"My message is this: Pleasure is not about performance and goals. How can you have the joyful experience of pleasure if you’re judging yourself, worrying about your partner, or counting orgasms? Pleasure comes when you’re relaxed, when you’re comfortable with yourself and your partner, and with what you’re doing together. Pleasure is exciting and exhilarating. It’s thrilling. And it’s as individual as you are. There is no right way to achieve pleasure. You define your own pleasure – hopefully for yourself – and seek it out and enjoy it to the fullest.

"This book has been written to give you steps on the pathway to pleasure. The first step is to become an authority on your own body. That means learning, and appreciating, all of your unique body parts and how they work. Only when you learn to love and honor your genitals and the rest of your body will you be able to abandon yourself to the erotic sensations – emotional and physical – of sex. When you feel good about your physical self, you can throw off the covers, turn on the lights, and gaze into your partner’s eyes as your bodies join in ecstasy.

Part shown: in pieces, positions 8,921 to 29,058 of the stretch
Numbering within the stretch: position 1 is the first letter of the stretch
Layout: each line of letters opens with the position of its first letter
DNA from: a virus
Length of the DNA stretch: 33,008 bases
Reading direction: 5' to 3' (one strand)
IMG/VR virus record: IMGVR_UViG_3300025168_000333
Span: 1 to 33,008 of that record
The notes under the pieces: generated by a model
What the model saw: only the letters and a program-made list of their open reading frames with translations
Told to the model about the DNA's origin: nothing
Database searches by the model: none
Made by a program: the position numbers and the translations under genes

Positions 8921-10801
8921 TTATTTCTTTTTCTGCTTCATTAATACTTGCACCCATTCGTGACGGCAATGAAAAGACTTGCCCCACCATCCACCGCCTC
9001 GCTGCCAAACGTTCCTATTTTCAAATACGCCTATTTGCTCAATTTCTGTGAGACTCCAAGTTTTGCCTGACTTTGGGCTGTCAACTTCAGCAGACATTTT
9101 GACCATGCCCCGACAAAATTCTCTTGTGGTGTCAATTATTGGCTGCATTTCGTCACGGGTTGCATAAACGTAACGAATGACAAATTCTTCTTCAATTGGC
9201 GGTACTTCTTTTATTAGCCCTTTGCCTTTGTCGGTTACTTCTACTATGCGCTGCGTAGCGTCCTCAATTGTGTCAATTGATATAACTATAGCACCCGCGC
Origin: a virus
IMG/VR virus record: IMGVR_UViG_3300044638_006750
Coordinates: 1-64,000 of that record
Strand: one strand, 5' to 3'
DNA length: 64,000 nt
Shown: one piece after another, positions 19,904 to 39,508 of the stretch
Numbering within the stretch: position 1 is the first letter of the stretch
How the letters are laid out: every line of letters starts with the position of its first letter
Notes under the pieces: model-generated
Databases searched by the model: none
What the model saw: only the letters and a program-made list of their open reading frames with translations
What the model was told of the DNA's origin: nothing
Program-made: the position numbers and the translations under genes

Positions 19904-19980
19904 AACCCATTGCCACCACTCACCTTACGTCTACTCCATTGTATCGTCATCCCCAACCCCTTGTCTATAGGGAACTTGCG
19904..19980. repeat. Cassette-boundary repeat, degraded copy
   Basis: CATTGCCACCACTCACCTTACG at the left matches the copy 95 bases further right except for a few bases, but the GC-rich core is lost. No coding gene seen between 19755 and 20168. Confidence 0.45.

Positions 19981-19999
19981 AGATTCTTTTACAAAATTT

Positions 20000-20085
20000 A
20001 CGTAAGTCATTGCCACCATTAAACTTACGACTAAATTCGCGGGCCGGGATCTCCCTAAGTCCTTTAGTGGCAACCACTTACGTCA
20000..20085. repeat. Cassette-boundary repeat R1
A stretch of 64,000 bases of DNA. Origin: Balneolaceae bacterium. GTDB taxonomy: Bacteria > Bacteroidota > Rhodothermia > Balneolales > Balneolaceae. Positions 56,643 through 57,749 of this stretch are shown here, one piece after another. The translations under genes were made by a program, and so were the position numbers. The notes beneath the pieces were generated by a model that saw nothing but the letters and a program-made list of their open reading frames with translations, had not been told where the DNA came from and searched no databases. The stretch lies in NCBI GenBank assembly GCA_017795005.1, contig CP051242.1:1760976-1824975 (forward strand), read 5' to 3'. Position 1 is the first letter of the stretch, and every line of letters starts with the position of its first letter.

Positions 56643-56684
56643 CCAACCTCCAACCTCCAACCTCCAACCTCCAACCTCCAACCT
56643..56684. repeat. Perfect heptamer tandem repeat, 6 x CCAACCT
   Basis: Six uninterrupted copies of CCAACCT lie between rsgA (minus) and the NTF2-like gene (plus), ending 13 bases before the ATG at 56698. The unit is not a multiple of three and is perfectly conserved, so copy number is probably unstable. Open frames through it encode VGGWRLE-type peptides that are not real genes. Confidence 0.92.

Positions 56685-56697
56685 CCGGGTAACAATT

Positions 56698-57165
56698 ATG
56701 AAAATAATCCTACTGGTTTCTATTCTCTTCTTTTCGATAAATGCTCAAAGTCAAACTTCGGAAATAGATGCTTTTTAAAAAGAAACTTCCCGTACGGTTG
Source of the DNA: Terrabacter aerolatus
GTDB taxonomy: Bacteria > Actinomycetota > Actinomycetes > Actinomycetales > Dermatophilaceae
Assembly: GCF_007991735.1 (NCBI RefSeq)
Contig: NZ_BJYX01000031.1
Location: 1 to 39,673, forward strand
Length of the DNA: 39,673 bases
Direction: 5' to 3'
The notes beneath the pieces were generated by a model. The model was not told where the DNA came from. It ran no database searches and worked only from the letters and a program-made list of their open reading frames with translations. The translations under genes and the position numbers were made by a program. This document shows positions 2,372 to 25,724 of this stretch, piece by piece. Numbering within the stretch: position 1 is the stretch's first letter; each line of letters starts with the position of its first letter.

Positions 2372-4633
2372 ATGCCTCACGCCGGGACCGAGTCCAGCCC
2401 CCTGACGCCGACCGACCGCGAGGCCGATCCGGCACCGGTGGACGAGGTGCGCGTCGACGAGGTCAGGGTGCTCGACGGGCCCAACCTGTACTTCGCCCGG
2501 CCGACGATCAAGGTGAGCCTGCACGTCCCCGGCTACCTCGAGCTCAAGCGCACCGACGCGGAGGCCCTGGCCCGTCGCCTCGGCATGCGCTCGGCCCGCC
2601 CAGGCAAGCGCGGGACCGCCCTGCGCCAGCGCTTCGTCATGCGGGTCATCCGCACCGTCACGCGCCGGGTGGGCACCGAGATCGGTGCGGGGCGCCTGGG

"You deserve, and should feel entitled to, sexual pleasure. Many of us have not reached our sexual potential because we are not sure exactly what we want or need to be sexually satisfied. Too often we wait for our partners to provide us with just the right stimulation, the magic touch. You must take responsibility for your own pleasure. In order to achieve the sex that you deserve, you must go on a journey of self-discovery. It is essential that you explore and identify what makes you feel good. Once you discover what turns you on, you must feel deserving enough to share that information with your partner. After all, most of our partners really do want to know what makes us happy. In my travels, many men have asked me to tell them what women really want in bed. Communication with your partner is one of the most important keys to sexual satisfaction. In Part II, I provide instructions on how to become confident in your sexuality, discover what you want, and communicate those desires to your partner.